South Africa - Pretoria - 16 July 2019 - Former PIC CEO Dan Matjila testifies at the PIC Commission of Inquiry. Picture: Oupa Mokoena/African News Agency (ANA)
JOHANNESBURG -  The former head of the Public Investment Corporation (PIC), has denied allegations that during his tenure, the state-owned asset manager funded a business, which Siyabonga Nene, the son of former Finance Minister Nhlanhla Nene, had a vested interest in and, that his father had influenced the deal.

Matjila continued his testimony on Tuesday at the Commission of Inquiry into alleged wrongdoing at the PIC,  where he gave further insight on the organisation's dealings with several companies including among others, Ascendis Health, S&S Refinery, Steinhoff and Lancaster.

Matjila said it was not the PIC's policy to fund BEE transactions outside the country, saying Nene junior and his partner Ameer Mirza's shareholding in the oil company, known as S&S Refinery, was to be vendor financed by the sponsor of the transaction and not, by the PIC. 

According to Matjila, Nene had introduced his son, Siyabonga, during his stint as chairman of the PIC and it is during that time, that he first heard about S&S Refinery.

He added that Nene later requested him to coach his son on business and investment matters.

"I accepted, as this practice was very common in the private sector," he said, adding he had also advised that Nene junior and Mirza, seek professional advice to assist them in putting together an Investment Information Memorandum. He further highlighted that he had aided them in resolving business issues  with cement company Afrisam, which supplied clinker for their cement blender company.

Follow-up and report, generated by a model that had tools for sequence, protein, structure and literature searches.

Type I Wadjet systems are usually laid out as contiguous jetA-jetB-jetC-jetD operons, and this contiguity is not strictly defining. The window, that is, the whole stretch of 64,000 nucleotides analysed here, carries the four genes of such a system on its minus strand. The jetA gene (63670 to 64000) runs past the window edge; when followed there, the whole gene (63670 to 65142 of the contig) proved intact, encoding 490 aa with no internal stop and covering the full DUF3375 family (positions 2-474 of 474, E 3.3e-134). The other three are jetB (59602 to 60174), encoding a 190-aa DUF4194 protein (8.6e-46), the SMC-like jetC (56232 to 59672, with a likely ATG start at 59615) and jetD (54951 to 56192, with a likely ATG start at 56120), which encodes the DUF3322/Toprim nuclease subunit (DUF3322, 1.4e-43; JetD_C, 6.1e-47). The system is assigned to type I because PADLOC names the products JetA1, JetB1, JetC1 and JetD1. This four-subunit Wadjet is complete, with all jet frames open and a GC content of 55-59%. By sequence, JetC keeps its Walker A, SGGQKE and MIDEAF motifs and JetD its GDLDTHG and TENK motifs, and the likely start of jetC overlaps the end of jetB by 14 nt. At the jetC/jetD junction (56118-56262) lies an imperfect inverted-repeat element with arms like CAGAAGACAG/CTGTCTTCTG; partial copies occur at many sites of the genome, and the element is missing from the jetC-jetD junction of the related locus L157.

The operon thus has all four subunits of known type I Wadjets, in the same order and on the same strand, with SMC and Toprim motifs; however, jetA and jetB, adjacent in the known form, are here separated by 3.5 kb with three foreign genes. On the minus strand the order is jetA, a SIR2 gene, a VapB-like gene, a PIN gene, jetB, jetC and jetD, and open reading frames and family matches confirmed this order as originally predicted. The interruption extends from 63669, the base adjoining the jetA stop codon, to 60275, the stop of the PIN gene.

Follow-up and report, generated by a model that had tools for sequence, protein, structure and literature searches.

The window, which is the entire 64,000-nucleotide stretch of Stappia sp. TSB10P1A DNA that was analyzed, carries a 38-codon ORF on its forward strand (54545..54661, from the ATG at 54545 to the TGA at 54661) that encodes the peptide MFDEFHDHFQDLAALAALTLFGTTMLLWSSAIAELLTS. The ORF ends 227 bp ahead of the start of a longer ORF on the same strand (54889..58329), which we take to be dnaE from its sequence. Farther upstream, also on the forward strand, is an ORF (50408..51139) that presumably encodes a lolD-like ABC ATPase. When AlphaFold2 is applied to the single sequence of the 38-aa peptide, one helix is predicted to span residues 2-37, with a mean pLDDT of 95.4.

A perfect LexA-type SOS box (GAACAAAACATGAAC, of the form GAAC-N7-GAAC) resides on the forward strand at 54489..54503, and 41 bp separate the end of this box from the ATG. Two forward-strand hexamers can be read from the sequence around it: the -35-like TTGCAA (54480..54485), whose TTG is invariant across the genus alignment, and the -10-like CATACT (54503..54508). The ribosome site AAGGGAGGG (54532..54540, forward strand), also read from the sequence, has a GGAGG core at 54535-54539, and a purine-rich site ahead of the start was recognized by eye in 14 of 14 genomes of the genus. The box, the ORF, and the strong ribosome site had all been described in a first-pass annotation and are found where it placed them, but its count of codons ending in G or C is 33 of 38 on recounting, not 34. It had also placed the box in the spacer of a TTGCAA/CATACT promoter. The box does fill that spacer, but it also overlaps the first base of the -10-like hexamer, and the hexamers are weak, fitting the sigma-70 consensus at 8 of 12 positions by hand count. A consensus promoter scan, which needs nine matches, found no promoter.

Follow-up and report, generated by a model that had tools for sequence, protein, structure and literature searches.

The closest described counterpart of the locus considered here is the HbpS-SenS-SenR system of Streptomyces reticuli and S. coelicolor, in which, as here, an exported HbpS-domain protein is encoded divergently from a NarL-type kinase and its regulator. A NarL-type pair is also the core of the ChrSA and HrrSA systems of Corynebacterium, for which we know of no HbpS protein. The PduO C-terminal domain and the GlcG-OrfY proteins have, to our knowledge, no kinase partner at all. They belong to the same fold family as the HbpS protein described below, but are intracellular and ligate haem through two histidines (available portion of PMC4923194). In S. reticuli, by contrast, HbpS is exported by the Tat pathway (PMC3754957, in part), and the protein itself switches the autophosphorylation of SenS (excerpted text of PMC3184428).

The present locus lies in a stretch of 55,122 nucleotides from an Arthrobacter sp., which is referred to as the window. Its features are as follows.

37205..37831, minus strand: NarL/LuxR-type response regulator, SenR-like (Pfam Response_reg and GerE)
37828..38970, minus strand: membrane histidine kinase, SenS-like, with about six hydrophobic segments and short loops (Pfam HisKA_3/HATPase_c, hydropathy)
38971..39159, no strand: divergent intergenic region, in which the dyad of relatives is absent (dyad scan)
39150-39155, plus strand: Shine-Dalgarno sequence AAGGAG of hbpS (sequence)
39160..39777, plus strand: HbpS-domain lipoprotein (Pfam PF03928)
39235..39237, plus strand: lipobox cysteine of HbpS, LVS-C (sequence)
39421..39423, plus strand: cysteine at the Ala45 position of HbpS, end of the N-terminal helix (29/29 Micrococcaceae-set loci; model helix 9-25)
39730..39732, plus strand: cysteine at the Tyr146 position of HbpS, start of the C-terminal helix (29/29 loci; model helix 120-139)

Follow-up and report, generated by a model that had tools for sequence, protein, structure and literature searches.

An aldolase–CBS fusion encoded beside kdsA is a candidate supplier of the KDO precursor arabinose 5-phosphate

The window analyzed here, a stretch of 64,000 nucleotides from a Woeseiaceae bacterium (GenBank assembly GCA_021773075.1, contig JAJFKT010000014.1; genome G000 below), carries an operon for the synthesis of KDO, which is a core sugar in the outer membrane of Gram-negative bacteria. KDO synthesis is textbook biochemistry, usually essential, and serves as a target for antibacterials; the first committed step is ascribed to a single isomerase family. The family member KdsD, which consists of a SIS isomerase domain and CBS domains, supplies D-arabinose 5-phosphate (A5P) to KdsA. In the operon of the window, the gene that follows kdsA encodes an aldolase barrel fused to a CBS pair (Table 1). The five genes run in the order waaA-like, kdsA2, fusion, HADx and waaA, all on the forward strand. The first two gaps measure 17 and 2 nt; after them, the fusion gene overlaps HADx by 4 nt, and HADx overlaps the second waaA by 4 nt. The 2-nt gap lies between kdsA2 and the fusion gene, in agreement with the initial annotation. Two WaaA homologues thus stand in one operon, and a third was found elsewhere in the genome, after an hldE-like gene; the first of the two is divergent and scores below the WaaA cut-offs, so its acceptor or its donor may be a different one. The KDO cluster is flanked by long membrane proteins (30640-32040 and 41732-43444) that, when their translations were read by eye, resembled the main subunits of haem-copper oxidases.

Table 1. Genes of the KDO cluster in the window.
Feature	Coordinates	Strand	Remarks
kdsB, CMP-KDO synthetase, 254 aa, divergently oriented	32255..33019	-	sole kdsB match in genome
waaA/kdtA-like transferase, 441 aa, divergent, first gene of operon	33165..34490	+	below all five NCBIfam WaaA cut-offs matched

Asked by the Commission if he was not concerned by a possible conflict of interest in assisting Nene junior, simply because he was the PIC's chairman, Matjila replied: "No, I saw it as knowledge sharing, something that I was passionate about it."

Evidence leader, Advocate Jannie Lubbe, quizzed Matjila on the formation of the company Zaid International Trade, headed by Mirza, asking if it was above board that the two business partners had been advised to open up a bank account and, for a facilitation fee to be paid by the PIC? Matjila said he wasn't aware of this.

He said an investigation into the deal had been conducted by the Public Protector's office and feedback from the Public Protector had not yet been received.  

Lubbe also asked Matjila if his son had worked for Sekunjalo Investments, owned by Dr Iqbal Survé, based on information that he had received.  A visibly annoyed Matjila insisted that his son had never worked for the company.

Matjila’s testimony also poured cold water on suggestions that the "CEO of the PIC had invested in a delipidated oil refinery in Mozambique," saying, poor governance, exacerbated by the collapse of the metical against the US Dollar, had caused hardship  for the investment, as the cost of raw materials had doubled in a short space of time, resulting in the refinery’s inability to purchase sufficient stock.

Matjila is also expected to speak on transactions involving  Independent Media Group and Sagarmatha, Ayo Technology Solutions, VBS Mutual Bank, Daybreak Farms, Ecobank and Transnational Incorporated.

BUSINESS REPORT ONLINE